I upgraded the VPS to v35 last week-end. Unless unforeseen major performance improvements, I am not planning any performance tweak in the next 6 months. But I might fix/improve a couple of operations related aspects.
  4. dom993


    Results for the week ending June, 7th:

    - 4 wins / 4 losses / 1 BE ; net +1615. Unfortunately, the unrealized P&L on the open-trade is about -2200. I am quite frustrated about that trade, because its entry decision was based on one of the new patterns part of the v35 which I just turned live last week-end.

    Anyway, that account made a new P&L peak at +11,240 on Thursday, before giving back -845 then the current open-trade.

    I won't post screenshots from the RAPACapIntro performance page moving forward, it is easy enough to take a look at it directly on that website.

    As a side note, I do monitor actual fills vs Ninja backtesting fills (which are based on using a 1-sec timeframe for order handling, with 1-tick systematic slippage). On the 151 trades since I went live, the actual slippage is only 1/2 of the Ninja assumed 1-tick systematic slippage per side - all orders are MKT) ... this amounts to live result better than backtest result by +1490 so far.
  5. dom993


    Results for the week ending June, 14th:

    - 4 wins / 6 losses / 1 BE ; net -375.

    The unrealized P&L on the open-trade is about +2200, which on a NAV basis makes today a new P&L peak (I am trying hard to make it look good ... but in the end, what I pay attention to is the realized P&L, and on this basis, I am still -1220 from last P&L peak).

    Another "100% hands-off" week on the operations side of things. I am pretty proud of that, too :)

    The screenshot is from my VPS. Top TWS window is the account in which I trade this system live, middle TWS window is my sim account which I use to test the system with up to 10 contracts and stops.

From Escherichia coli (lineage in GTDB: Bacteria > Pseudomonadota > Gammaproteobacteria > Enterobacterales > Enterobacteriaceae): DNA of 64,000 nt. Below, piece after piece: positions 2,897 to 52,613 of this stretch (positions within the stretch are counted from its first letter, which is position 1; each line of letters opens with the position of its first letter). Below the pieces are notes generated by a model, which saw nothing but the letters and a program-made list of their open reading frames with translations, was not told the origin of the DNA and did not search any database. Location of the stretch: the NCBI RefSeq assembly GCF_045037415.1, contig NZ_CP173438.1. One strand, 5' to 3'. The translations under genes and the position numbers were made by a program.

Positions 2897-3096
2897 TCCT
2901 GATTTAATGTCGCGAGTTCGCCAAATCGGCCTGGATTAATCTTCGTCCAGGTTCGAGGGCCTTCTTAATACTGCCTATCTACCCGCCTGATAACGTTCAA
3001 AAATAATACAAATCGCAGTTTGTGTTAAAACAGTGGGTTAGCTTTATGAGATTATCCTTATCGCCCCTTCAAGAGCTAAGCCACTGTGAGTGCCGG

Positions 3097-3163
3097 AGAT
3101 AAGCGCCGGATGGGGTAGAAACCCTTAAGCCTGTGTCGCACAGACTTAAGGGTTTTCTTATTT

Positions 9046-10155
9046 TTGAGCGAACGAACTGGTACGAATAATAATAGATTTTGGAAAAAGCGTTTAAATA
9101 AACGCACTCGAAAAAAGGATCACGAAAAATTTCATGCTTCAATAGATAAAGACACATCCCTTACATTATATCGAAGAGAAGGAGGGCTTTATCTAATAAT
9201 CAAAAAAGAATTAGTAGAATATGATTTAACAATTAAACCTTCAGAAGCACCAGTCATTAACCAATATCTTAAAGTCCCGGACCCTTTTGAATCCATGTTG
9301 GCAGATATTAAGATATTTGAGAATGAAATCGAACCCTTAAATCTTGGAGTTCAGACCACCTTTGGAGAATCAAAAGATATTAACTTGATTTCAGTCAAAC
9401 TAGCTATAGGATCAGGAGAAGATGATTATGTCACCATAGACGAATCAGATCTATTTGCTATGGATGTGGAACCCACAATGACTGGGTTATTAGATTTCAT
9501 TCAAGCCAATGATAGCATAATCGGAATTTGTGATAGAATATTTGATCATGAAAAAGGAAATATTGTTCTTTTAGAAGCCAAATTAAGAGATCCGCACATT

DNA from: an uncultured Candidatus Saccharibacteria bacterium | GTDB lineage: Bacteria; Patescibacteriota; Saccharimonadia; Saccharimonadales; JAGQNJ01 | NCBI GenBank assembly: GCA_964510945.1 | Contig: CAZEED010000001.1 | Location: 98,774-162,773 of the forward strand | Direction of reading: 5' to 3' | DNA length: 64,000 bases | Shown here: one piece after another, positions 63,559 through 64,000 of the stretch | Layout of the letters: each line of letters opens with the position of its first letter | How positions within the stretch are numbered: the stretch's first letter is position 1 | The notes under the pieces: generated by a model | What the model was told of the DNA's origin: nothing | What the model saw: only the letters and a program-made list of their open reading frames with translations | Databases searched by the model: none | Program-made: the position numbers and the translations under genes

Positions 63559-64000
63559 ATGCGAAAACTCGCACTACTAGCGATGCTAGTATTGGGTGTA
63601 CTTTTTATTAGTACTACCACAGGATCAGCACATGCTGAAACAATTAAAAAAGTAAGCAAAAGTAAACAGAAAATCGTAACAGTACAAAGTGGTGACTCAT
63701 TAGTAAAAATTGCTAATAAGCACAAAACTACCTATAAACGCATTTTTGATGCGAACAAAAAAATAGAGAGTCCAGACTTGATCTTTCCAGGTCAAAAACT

6. What are the patterns you(or your system) look at?
  7. dom993


    The system uses at its core a trend detection mechanism which provide trend-change signals. At each trend-change signal, the system makes a decision to go with that signal, or against it, based on 2 kind of patterns: price-patterns & time-of-day bias.

    Price-patterns are derived from prior trends relationships, or from the relationship from the reversal leg (leading to that trend change) to the last trend.

    Time-of-day bias are periods of the day, where a trend-change signal has a statistical tendency to either have follow-through or whipsaw.

    I have 4 tiers of patterns, in each tier patterns are orthogonal (no overlap), at a given trend-change signal the system tests each pattern of each tier until it finds one match, which is used for the trading decision.
  8. Those are not patterns per se,but rather random wave impulses.
  9. dom993


    I agree 100% that each trend as I call it, or wave if you prefer, is a random event.

    Furthermore, I contend that the outcome of any single trade is always a random event.

    What I call a pattern (or bias), is a defined set of circumstances of past price-action, with a statistical outcome better than random (eg, for a 1:1 reward:risk, a 55% or better win rate).

    For example, if the last (up) trend ends at the same level as the prior (up) trend (DT), and the statistical outcome of those circumstances is better than random, then I call it a pattern.

    Understand that even though the outcome of any single instance of a pattern is truly random, by systematically trading it the system makes money in the long run, even though it has no way to predict the outcome of any single instance of that pattern.
  10. Quiet1


    hi - thanks for sharing. this is quite interesting.

    if it's not giving too much away how do you achieve the orthogonality of your patterns on each tier?

    how do you handle conflicting patterns between tiers (ie if tier 1 says long, tier 2 says nothing, tier 3 says short and tier 4 says X). Smallest/shortest timeframe tier always wins but reverts to higher timeframe position when closed?

    #10     Jun 16, 2013